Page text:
Tom Lynch's On The Water: Wobbly sea legs -- A first try at paddle boarding

By TOM LYNCH August 19. 2017 2:25AM
Showing stellar form, columnist Tom Lynch nears the end of his first attempt at stand-up paddle boarding. (WESLEY HAMPTON)

I never fell in.

That may not sound like much, but it was a major accomplishment for me when I tried stand-up paddle boarding for the first time earlier this month in Portsmouth.

My track record has been less than stellar with activities that involve standing up on water without a boat under me. Wind-surfing? Couldn't get the hang of it. Water skiing? Multiple failures. So while I've wanted to try paddle boarding for several years, I was always just a little worried about whether I'd spend more time in the drink than of on top of it.

I finally decided to give it a shot because A) we're running out of summertime, and B) we're going on a family vacation soon and I don't want to be embarrassed.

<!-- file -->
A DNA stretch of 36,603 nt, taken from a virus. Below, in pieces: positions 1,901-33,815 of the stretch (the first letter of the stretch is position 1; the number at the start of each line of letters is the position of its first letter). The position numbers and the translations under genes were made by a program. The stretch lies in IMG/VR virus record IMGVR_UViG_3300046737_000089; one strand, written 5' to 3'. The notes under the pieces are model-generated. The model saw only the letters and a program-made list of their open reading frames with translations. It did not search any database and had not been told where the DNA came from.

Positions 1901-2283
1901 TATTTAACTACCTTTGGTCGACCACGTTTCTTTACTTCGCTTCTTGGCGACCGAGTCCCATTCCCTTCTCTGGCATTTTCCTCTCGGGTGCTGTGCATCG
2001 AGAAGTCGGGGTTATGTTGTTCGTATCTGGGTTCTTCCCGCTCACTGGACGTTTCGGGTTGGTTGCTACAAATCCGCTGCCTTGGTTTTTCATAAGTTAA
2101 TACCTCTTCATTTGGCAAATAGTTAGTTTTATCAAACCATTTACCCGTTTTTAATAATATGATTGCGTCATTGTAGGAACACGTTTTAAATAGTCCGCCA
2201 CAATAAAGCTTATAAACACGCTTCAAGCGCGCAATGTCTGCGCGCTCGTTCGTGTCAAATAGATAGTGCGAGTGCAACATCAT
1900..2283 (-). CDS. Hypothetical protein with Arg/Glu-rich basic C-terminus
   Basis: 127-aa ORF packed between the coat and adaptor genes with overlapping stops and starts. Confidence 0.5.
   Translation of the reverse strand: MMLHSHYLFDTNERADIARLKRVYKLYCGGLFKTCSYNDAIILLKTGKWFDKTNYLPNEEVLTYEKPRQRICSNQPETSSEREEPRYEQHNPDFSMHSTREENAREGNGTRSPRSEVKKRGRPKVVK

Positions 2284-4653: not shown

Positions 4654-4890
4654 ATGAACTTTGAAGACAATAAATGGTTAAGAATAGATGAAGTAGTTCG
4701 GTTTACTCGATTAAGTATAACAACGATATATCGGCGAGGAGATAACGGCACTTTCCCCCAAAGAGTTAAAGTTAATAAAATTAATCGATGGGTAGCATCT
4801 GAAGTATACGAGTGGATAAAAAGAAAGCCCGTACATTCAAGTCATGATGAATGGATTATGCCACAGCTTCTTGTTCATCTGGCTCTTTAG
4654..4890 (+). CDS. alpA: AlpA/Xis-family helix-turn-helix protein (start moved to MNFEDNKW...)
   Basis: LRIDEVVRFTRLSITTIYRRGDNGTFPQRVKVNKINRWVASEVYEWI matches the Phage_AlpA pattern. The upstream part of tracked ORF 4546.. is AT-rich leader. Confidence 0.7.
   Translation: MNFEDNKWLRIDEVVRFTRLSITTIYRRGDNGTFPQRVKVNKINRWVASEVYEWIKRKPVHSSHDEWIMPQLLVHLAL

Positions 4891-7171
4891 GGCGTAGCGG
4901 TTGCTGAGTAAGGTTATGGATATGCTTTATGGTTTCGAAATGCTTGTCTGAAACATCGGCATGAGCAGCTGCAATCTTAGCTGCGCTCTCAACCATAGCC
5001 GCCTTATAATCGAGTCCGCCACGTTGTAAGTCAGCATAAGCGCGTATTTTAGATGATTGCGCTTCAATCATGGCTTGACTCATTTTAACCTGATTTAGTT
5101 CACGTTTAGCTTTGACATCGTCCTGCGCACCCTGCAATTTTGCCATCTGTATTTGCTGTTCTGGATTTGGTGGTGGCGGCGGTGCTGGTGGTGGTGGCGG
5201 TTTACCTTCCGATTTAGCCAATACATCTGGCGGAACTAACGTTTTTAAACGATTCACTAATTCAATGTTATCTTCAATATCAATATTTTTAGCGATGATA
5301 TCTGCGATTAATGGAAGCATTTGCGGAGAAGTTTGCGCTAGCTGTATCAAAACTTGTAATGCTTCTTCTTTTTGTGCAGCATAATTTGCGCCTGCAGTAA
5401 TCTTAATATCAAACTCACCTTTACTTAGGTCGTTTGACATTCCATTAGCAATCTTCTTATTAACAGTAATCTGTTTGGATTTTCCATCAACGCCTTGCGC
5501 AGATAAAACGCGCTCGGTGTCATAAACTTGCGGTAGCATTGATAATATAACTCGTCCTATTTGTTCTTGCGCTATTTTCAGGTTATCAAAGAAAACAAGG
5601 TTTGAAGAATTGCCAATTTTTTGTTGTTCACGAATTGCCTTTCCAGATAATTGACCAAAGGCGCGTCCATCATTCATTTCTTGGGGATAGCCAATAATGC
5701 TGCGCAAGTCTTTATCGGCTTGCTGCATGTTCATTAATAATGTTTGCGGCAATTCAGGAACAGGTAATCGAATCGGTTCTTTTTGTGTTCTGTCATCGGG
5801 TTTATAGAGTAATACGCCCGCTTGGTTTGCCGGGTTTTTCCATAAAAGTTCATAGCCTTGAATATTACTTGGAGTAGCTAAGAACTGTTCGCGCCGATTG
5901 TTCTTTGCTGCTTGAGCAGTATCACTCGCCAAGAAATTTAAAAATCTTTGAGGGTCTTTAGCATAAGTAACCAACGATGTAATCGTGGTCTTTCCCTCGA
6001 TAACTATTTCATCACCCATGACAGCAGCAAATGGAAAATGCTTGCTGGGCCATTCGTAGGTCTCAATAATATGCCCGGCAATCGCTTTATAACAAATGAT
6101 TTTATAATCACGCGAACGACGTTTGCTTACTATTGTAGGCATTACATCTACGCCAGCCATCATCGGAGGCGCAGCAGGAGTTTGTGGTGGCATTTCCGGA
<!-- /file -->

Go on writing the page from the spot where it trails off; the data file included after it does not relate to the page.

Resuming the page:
See, my niece Lisa is into paddle boarding, and I told her that dear old Uncle Tom would rent a board and go with her while we're on vacation. Actually she's into paddle board yoga, so I figured I definitely needed a little practice before we go, lest I spend an hour on my knees, whimpering and hugging my board while she does handstand poses on hers.

I spent some time online researching my options for paddle-board lessons and instruction. There are several places around the state that offer both, but the one with the most specific information available online was Portsmouth Paddle Co., which coincidentally I had read about just recently in the Sunday News' Discover New Hampshire vacation guide.